The uprising that began in Algeria on 22 February 2019 is a watershed moment in the country’s 57-year history since independence. It reflects the culmination of decades of struggle by two secular movements that have pushed against both the extremist Islamist tendencies in the country, but also against a regime that both tried to contain and use the Islamists to its own advantage. The absence of an Islamist presence in the protests and the secular nature of the demands is notable, suggesting that the country has now entered what some call a post-Islamist era. Post-Islamist sentiments seek to combine religion with rights, liberty, and pragmatism. It recognizes pluralism of thought and a secular orientation. In Algeria, this has particular significance given the recent history of the country and its experiences during the Black Decade (1991–2002), when large numbers of civilians died at the hands of Islamist militia and government soldiers. This happened when the country opened up to multipartyism, leading to the electoral successes of Islamic Salvation Front (FIS), which the government could not accept, resulting in the shutting down of FIS and a second round of elections, thus leading to a civil war.
The 2019 demonstrations embody a moment of national unity, which is all the more remarkable given how divided the country was during the Black Decade. People have been protesting throughout the country from all walks of life, all political persuasions and ages, although the dominance of young people is evident. Islamists participate in the demonstrations, not for religious reasons, but as citizens. The presence of women was said to have helped ensure that the protests remained peaceful, as protestors chanted silmiya (peaceful). The protests are often compared with the October 1988 protests against high unemployment and government austerity measures in which women were absent. These protests, however, devolved into riots, in which over 500 were killed and about 1,000 were wounded. The appearance in the 2019 protests of women leaders like the iconic heroine of the Algerian Independence War, Djamila Bouhired, gave protesters added encouragement. The protests continued every Friday so that the term vendredir (to Friday) became a verb.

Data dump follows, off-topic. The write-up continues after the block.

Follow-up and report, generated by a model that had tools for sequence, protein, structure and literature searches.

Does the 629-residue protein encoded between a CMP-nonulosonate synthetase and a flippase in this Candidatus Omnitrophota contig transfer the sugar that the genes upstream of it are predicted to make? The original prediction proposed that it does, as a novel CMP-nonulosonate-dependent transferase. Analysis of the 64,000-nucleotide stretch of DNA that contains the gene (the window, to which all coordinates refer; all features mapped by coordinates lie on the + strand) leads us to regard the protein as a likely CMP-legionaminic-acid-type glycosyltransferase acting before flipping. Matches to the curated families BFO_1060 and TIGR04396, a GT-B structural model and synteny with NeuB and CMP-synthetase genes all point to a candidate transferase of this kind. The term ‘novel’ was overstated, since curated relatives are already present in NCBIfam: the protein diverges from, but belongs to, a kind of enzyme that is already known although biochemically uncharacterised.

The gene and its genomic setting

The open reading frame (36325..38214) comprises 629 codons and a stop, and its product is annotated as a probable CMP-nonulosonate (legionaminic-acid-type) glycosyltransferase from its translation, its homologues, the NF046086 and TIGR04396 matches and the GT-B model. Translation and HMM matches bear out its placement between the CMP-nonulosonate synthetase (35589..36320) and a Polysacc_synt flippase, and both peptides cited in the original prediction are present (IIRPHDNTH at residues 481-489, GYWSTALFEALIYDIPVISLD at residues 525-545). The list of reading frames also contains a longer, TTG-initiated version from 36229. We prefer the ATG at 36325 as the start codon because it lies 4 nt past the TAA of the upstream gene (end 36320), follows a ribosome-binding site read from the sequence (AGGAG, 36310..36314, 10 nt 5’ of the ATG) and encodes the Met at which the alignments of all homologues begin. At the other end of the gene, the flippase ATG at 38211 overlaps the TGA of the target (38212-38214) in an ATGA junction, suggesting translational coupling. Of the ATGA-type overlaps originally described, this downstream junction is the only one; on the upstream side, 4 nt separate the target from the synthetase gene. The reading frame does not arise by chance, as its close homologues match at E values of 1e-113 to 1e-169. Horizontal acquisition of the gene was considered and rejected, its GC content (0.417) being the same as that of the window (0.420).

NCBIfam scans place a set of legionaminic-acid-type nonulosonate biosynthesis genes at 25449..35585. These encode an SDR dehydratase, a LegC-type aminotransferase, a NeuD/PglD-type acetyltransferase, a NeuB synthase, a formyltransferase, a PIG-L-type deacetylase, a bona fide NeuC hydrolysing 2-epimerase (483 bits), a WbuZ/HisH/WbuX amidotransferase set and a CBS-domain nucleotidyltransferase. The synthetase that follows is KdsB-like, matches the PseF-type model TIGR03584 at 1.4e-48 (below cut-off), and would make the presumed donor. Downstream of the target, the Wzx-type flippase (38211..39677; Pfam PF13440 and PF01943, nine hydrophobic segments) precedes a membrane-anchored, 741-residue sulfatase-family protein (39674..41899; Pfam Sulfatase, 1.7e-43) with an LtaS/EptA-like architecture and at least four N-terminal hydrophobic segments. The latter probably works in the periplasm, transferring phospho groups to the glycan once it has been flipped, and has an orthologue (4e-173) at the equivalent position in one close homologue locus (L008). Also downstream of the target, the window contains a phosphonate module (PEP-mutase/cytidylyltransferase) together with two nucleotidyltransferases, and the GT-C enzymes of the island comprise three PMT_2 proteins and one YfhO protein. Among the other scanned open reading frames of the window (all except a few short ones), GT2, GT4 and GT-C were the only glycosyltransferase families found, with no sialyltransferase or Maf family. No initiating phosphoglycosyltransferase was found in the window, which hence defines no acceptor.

The protests began with demands against the president Bouteflika’s bid for a fifth term in office. After he withdrew his candidacy, the protesters demanded that the oligarchy that had backed Bouteflika step down. One by one, various members of le pouvoir (the powers that be) stepped down or were arrested. Demonstrators also demanded democracy, dignity, an end to corruption, and transparency. The Grande Poste is a focal point of the Friday demonstrations and has been nicknamed tahrir wa somoud (liberation and determination).
Following International Women's Day on 8 March 2019, the demands for democracy were combined with demands for women’s rights, as protesters marched with banners, stating, “No free and democratic Algeria without freedom of the women.” One Algerian commentator, Hamid Zanaz explained that the slogan: “Democracy = women’s rights” meant “No to a religious state. No to applying sharia. No to Islamists’ rule and no to fundamentalist colonization.” Thus, the links between the women activist demands and the post-Islamist tendency could not be clearer. The rest of this article explores why this is the case. It first documents the demise of Islamist influence, which was at its height in 1991 when the Front for Islamic Salvation garnered millions of votes. Then it shows how the current movement has its roots in two secular movements: the women’s movement and the Kabyle (Berber) movement, thus representing a fundamental shift in Algerian politics. However, despite initial inspiration neither movement gained strength due to the regime's efforts to subdue civil society.
The uprising that began in Algeria on 22 February 2019 is a watershed moment in the country’s 57-year history since independence
The Demise of Political Islamists
While Algerian society overall is very conservative, having been influenced by the Wahhabist tendencies after the 1980s, the political influence of the Islamists has diminished considerably. Already this was evident with the rise of Daesh. The number of ISIS fighters who went to fight in Syria and Iraq from Algeria to join the Daesh fighters was negligible compared to that of other countries in the region. Even the Salafists themselves have changed. No longer do they call for jihadism, violence, and accuse people of apostasy as they did in the 1990s. Those who are active are considered “quietists,” who focus on preaching and avoid politics.
These trends became evident with the demise of the Islamist parties and their political influence in elections starting in 2012, when the Islamist Green Algeria Alliance claimed only 47 seats or 6.2 percent of the seats in the legislative elections. They had a similarly poor showing in the 2017 elections, whether due to their own weakness, the rigging of the elections, or both. The Islamist Green Alliance collapsed and the Movement of Society for Peace (MSP), which is close to the ideology of the Muslim Brotherhood and is the largest of the three parties, formed an alliance with Front for Change. However, they won only six percent of the seats. The MSP, which today is divided, had participated in the Bouteflika government along with ruling Front for National Liberation (FLN) and National Rally for Democracy (RND) between 2004 and 2012. The other Islamist parties, Islamist Renaissance Movement (Ennahda) and Justice and Development Party, formed their own alliance and won 3.7 percent of the seats. In contrast, the ruling secular Front for National Liberation (FLN) won 26 percent of the seats in parliament followed by the National Rally for Democracy (15 percent), whose president is the former Prime Minister Ahmed Ouyahia. Today, the Islamist parties are regarded as irrelevant, divided, and lacking in consensus around clear objectives.